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2011FallVol33Issue4 Web - Waseca County Historical Society

2011FallVol33Issue4 Web - Waseca County Historical Society

The Weed That Saved

The Weed That Saved Minnesota W CHS Board Member Rev. Charles Espe brought in a photograph print entitled, “A Scene in Our Ginseng Garden at Otisco”. The caption reads, “United States Department of Agriculture gives average production of ginseng as a trifle over one ton per acre. The average price since 1900 is $8.85 per pound. Anyone interested in the growing of this valuable crop may have the benefit of our 36 years of experience for the asking.” In an article from a 1967 Minnesota History magazine, author William E. Lass tells the story of the “Ginseng Rush in Minnesota”. In the late 1850s a shaky economy drew many prospectors westward in search of gold. A handful of Waseca prospectors foraged through the maple-basswood forests of southern Minnesota in search of a different treasure—“manroot” or “sang”. The ginseng boom was brief, but lucrative. The cash crop paid well at a time in history when the economy was recovering from the first Depression in America. Ginseng is highly prized by the Chinese. It was smoked, brewed and made into a tonic. It was used as an opiate, an intoxicant, a stimulant, and even as an aphrodisiac. “Sang” is what the colonial pioneers called ginseng. American ginseng (Panax quinquefolium) is found in deciduous forests from eastern Canada west to Minnesota, down to Missouri and south to the mountainous regions of Kentucky, Georgia and the Carolinas. Ginseng thrived in the Big Woods of southern Minnesota. Root buyers from the east started showing up in the region after newspapers made mention of the new cash commodity. In 1859 a ginseng drying station was established at Lake Washington in Le Sueur County. As news spread, hundreds of men were digging ginseng across the river from St. Peter. Buyers surfaced in Wright County, Meeker County and Blue Earth County. Growing ginseng in Waseca County can be traced back to the late 1800s. The Janesville Argus had this mention in the June 10, 1879 edition of the paper: A number of our young men and some older ones too, have, during the past two or three weeks, found remunerative employment in digging ginseng. We understand it is more abundant this year than for several years heretofore, and all who 4 Ginseng. Photo by Welby Smith, Minnesota Department of Natural Resources engage in the business are making better wages than working at anything else. The ginseng is sold to Isaak Marks of Mankato, who deals exclusively in the root, paying twenty five cents per pound for green and seventy-five for dried. Some fifty years later, an article entitled, “Five Acres of Ginseng Being Planted Here, Company Formed at Otisco to carry Project in Jacoby Woods; Some Planted Here Last Year” appeared in the Waseca Journal, August 15, 1934. A company has been formed at Otisco for the carrying out of a ginseng project that may mean a great deal to the agricultural income of Waseca County. The Otisco Company has leased five acres of timber land owned by Otto Jacoby, west of Otisco, and are preparing the ground now for the planting of ginseng seed the first week in September. Otto Jacoby is president; Emer Hanson, secretarytreasurer; and A.O. Gilbertson of St. Ansgar, Iowa, vice president and manager. Last year a few Waseca County farmers seeded ginseng. Eric Hoeltz has a half acre tract and Alfred Schultz, his renter, has a like amount on the farm west of Otisco. William Hoeltz, residing southwest of Otisco, put in two acres last fall and plans to put in another two acres this year. Mr. Gilbertson, who has an interest with each farmer, says that the soil of this locality is especially adapted to the production of ginseng because of its acidity. He says that the production will run about a ton to the acre and the present price range is between $6 and $9 a pound. With help from Linda Taylor our researcher, we were able to track down members of the Hoeltz family.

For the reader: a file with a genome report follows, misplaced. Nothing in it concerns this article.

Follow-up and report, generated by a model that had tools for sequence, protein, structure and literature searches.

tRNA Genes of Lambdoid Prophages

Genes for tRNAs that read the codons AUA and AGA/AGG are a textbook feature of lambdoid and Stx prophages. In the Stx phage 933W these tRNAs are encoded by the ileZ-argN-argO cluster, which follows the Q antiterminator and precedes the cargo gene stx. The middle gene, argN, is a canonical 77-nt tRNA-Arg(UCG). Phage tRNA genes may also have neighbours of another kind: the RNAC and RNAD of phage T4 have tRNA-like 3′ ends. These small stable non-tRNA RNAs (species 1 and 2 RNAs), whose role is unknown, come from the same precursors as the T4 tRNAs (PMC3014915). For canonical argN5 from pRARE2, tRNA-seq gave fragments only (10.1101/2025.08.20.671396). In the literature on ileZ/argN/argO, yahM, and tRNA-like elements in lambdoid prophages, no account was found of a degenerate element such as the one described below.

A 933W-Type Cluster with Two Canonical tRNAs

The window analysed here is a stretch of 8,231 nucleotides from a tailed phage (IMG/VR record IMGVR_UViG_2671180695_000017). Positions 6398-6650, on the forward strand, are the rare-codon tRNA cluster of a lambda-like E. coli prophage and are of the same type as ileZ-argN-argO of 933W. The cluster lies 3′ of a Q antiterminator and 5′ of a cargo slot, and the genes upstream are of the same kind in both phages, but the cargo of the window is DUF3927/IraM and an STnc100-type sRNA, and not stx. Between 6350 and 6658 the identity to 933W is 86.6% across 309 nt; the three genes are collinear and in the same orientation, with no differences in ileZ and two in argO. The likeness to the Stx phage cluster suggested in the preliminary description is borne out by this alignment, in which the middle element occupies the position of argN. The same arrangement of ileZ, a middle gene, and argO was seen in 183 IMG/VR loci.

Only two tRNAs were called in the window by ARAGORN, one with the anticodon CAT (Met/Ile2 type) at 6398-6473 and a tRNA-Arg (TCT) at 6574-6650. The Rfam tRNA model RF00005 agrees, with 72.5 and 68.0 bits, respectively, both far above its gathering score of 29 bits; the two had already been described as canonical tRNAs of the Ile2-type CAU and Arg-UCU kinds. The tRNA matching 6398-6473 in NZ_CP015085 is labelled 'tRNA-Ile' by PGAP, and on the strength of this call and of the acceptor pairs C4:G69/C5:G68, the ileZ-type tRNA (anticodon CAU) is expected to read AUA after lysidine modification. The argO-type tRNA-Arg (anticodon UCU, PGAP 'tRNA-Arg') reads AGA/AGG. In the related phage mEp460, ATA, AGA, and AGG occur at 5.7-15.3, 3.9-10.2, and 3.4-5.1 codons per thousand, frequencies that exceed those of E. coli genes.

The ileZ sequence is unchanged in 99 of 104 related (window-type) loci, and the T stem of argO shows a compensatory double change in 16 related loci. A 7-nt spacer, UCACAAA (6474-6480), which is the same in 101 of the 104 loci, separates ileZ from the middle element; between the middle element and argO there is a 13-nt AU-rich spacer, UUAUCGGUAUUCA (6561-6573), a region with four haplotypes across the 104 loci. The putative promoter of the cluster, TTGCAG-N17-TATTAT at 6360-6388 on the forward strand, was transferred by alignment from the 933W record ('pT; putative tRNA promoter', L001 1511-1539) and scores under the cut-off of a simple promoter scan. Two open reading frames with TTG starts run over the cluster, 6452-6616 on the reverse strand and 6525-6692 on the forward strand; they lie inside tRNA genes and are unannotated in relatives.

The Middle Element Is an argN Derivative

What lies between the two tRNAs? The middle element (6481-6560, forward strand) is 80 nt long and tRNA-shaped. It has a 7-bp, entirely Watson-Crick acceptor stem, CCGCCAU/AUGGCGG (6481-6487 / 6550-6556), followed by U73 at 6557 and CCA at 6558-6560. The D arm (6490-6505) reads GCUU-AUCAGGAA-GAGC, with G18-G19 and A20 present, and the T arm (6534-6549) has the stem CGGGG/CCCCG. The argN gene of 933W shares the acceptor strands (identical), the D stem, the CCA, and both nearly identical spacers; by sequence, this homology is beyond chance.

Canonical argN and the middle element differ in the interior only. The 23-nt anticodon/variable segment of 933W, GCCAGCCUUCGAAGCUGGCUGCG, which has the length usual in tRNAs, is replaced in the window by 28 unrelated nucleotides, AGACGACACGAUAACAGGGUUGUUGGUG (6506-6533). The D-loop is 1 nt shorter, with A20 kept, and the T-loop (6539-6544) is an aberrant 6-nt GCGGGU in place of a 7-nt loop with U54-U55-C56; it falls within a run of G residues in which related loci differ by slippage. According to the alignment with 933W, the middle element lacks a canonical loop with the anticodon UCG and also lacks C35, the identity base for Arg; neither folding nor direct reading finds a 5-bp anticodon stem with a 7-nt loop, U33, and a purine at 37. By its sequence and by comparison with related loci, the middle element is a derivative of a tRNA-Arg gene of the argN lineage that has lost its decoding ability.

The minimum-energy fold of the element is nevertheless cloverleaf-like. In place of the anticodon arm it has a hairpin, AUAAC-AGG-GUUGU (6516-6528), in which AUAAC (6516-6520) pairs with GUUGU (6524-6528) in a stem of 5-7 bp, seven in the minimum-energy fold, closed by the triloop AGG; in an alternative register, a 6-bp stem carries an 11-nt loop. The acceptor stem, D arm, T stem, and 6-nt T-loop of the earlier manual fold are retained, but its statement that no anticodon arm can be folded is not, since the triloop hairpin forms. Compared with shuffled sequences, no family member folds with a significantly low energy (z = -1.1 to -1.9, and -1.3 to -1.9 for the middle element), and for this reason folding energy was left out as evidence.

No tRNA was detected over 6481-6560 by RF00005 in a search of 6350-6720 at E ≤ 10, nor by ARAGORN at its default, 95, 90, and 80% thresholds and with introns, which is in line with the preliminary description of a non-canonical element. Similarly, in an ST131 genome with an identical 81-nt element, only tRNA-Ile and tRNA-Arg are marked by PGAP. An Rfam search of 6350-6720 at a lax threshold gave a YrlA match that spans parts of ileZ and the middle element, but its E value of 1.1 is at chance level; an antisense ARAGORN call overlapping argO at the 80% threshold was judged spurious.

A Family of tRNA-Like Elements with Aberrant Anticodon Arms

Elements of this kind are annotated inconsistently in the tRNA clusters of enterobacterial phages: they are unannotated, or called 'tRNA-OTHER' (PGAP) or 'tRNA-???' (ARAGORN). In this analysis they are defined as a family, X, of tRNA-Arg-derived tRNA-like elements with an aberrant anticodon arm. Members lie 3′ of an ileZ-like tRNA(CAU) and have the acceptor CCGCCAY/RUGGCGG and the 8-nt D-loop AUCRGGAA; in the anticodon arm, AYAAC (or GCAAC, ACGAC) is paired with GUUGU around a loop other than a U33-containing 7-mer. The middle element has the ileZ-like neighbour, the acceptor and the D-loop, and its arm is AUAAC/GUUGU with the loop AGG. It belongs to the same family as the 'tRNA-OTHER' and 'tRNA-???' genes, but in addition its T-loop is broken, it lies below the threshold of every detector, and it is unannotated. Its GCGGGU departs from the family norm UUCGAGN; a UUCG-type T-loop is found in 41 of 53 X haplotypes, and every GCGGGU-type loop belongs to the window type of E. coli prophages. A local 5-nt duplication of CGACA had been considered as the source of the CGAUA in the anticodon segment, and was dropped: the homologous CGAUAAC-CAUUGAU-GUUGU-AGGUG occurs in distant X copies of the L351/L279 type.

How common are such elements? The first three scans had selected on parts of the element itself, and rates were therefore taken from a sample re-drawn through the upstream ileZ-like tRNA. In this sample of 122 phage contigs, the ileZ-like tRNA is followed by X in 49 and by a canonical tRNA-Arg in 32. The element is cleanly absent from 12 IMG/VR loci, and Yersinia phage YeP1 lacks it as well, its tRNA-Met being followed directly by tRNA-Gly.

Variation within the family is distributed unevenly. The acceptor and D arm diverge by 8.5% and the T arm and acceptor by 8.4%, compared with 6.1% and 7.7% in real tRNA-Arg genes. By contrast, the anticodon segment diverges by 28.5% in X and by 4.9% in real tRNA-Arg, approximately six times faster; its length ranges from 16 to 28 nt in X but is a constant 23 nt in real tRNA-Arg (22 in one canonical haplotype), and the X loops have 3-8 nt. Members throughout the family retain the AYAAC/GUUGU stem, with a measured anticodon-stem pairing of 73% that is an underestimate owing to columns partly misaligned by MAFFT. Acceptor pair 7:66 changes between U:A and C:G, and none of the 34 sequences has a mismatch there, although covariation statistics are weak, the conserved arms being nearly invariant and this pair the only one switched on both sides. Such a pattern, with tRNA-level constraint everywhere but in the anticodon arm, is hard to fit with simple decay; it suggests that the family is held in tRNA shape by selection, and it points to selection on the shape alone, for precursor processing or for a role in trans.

Sisters Avis (Hoeltz) Rugroden and Arlene (Hoeltz) Wacholz are the nieces of William Hoeltz who owned the Otisco Gensing Gardens. The sisters both spent time weeding the plots at some time in their youth. With their help we were able to locate Calvin Hoeltz, son of William. The William Hoeltz plot was actually in section 36, Wilton Township. Brother Jacob’s plot was just east of the Township line in section 30, Otisco Township. Nestled in the woods near the Little Le Sueur River the first seeds were sown in 1933. Plots were approximately five feet wide and very long. Paths on both sides made it possible to reach half of the bed for weeding. The native or wild ginseng was preferred as it was more potent than the cultivated variety. It would be seven years The Panic of 1857 The swift rise of the boom towns was a hopeful but brief time in American history. It was a period of opportunity and prosperity. Many towns sprang up along the frontier. Founders worked hard and prospered. Land values began inflating. Railroad stock values were speculative. Banks made risky loans to business with little or no capitol. Enthusiasm overshadowed risk and when the Ohio Life Insurance and Trust Company failed due to fraudulent activities by management, the true state of the economy was realized. The failure threatened the failure of other Ohio banks or even worse, a run on the banks. Luckily, the banks connected to Ohio Life Insurance and Trust Company were reimbursed and “avoided suspending convertibility by credibly coinsuring one another against runs. The failure of Ohio Life brought attention to the financial state of the railroad industry and land markets, thereby causing the financial panic to become a more public issue. to harvest. A second crop of Goldenseal was planted as well. The ginseng seed was collected and dried in sand. The roots were harvested and washed in the river then dried. Three pounds of root when dry would diminish down to one pound. The ginseng was stored in barrels and shipped to New York. Over harvesting of ginseng and loss of habitat has diminished the number of plants found in the wild. Although a license is not needed to harvest ginseng on private land there are state regulations for harvesters, buyers and seed distribution in the State of Minnesota. Ginseng may not be harvested in any Minnesota State Park or other area under the administration of the state’s Division of Parks and Recreation. Harvest is allowed in state owned Wildlife Management Areas with a permit from the state wildlife manager. END Creative Genealogy A professional genealogist was approached by a very wealthy, proud family to do a family genealogy, complete with stories of all members of the family. No expense was to be spared in research, and the final result was to be bound into a book. The genealogist was pleased with the generous contract, and set to work. One distinguished ancestor after another emerged: persons of power, prestige, influence, and wealth. How pleased he was! This was wonderful book material! Then he stumbled upon a relative out of character with the rest. Henry Jones had embarked on a career of crime. He had robbed banks and committed murder. He was caught, convicted, and sentenced to death in the electric chair . The genealogist became anxious and fearful. What if the family refused to pay for his research, and cancelled the whole project Would they pay for a fancy book that led to the black sheep of the family At last, he sat down to write the history of Henry Jones . . . “Henry Jones was well known in the state where he resided. At the peak of his career, he held the chair of applied electricity in one of the leading institutions in the state, and died in the harness.” Submitted by visiting genealogist Judeen Johnson, Volga, S.D. 5